A range of Hebrew and Greek Bible words are translated as consider. One of them is katanoeo, which occurs just a few times, mainly in contexts brimming with helpful lessons we do well to heed. So, let’s consider how and what we aught to consider.
- A) How to consider
Really beneficial consideration requires the following ingredients:
The word itself is made up of two parts, each a word in its own right: kata and noeo. The word noeo by itself means ‘to think over’, as in 2 Timothy 2:1-7 where Paul urges Timothy to ‘think over what I say, for the Lord will give you understanding in everything’, especially about the personal discipline necessary to be fruitful in ministry as a ‘soldier’, an ‘athlete’ and a ‘hard-working farmer’ for ‘Christ Jesus’. The kata prefix intensifies the thinking intended, meaning to consider closely in order to understand fully.
For instance, when Peter was telling of his experience of God’s sending him with the gospel to the Gentiles, he related a vision of a huge boat-sail let down from heaven full of non-kosher beasts he should butcher and eat. His response was to consider it: ‘Looking at it closely, I observed …’ these creatures (Acts 11:6; ‘looks intently’, James 1:23).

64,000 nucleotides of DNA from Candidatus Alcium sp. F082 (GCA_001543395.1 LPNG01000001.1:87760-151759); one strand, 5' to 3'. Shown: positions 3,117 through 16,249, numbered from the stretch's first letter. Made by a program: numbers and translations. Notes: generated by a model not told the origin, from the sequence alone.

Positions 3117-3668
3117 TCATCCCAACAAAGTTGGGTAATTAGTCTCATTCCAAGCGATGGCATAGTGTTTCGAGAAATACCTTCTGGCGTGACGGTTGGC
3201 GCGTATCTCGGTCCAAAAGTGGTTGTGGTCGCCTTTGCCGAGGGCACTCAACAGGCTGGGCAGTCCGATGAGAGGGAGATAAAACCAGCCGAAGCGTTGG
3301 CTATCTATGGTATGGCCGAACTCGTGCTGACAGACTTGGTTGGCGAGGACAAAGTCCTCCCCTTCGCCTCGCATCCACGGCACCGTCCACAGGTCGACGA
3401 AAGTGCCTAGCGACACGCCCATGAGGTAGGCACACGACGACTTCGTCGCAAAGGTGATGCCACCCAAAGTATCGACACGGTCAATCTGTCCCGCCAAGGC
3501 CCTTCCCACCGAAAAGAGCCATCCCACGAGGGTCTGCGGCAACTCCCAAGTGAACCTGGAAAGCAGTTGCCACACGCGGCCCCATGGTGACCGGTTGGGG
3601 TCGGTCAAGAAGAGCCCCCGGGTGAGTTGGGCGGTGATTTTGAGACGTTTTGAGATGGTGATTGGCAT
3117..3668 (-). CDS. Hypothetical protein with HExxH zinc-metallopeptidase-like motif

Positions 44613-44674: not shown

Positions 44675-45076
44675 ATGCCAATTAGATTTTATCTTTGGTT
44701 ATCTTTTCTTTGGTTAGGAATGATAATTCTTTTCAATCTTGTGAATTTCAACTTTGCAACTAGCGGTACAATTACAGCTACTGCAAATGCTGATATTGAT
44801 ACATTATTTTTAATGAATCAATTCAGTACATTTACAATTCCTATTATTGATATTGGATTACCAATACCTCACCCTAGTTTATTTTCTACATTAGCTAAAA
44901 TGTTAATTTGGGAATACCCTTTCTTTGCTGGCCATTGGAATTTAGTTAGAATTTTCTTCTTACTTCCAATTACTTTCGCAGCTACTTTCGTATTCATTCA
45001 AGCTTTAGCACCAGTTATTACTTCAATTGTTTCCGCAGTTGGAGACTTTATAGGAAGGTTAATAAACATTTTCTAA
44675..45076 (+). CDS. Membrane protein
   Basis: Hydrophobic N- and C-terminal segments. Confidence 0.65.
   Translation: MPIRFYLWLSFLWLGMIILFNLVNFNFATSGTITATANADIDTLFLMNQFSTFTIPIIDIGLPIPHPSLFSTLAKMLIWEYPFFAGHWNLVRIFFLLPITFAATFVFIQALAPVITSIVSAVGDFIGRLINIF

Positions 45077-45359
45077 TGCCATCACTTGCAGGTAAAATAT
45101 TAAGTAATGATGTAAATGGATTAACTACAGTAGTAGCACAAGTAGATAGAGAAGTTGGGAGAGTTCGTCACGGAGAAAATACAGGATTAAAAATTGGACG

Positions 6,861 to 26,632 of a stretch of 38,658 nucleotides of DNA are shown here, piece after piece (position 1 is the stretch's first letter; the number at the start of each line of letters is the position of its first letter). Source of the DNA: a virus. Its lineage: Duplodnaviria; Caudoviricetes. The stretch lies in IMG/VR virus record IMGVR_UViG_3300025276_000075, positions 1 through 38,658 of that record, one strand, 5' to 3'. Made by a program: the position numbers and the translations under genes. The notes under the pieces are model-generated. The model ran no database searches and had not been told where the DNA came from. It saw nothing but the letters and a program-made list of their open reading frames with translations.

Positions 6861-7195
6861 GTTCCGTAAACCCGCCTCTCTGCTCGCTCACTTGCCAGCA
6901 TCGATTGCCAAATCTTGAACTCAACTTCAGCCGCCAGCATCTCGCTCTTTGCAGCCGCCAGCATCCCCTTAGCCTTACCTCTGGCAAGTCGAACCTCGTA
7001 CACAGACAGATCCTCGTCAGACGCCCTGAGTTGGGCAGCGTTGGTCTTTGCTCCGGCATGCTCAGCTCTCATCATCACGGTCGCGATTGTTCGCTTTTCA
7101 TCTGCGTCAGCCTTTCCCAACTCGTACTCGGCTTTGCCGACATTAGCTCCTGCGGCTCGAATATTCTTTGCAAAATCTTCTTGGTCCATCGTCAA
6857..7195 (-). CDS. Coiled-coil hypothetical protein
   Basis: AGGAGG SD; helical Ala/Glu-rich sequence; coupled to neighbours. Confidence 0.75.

This is mentioned quite literally in James 1:23-25, ‘If any one is a [mere] hearer of the word and not a doer, he is like a man who looks intently at his natural face in a mirror’ (verse 23) but if he does not continue to consider and instead ‘forgets what he was like’ (verse 24), he fails to do any mental reflection.
This also must take place in order that our consideration leads to a practical application of what we have looked at and reflected on. An example is the message of Jesus that bids us to consider the birds and the wild flowers [see below].
James demands this (in James 1:25), ‘But the one who looks into the perfect law [examination], the law of liberty [reflection – that Moses’ law does not merely condemn but shows us the better way], and perseveres [in his looking = interpretation], being no hearer who forgets but a doer who acts [action], he will be blessed in his doing.’
- B) What to consider: How to imbibe [see (James 1:1) and (James 1:2)] and impart [(James 1:3)] inspiration –
(1) The human problem – see Romans 4:16-25; unlike the philosophy of ‘positive thinking’, Abraham considered the two ‘elephants in the room’ – ‘his own body, which was as good as dead’ being 100 and ‘the barrenness of Sarah’s womb’ as she’d never been able to conceive and was now 90 (Romans 4:19). But ‘he did not weaken’ (Romans 4:19) and ‘no distrust made him waver’ (Romans 4:20), but ‘in hope be believed against hope’ (Romans 4:18) and ‘grew strong in his faith’ (Romans 4:20) in the God of resurrection who had promised them offspring (Romans 4:17).
(2) The divine provision – see Luke 12:22-34; pursue the reign of God first, food and clothing being mere ‘things’ will be added; consider ravens’ food and lilies’ robes.
(3) Family motivation – see Hebrews 10:24; consider how each member is individually gifted and motivated, and so be able to stimulate each to appropriate actions.
* Consider again James 1:23-25; Romans 4:16-25; Luke 12:22-34.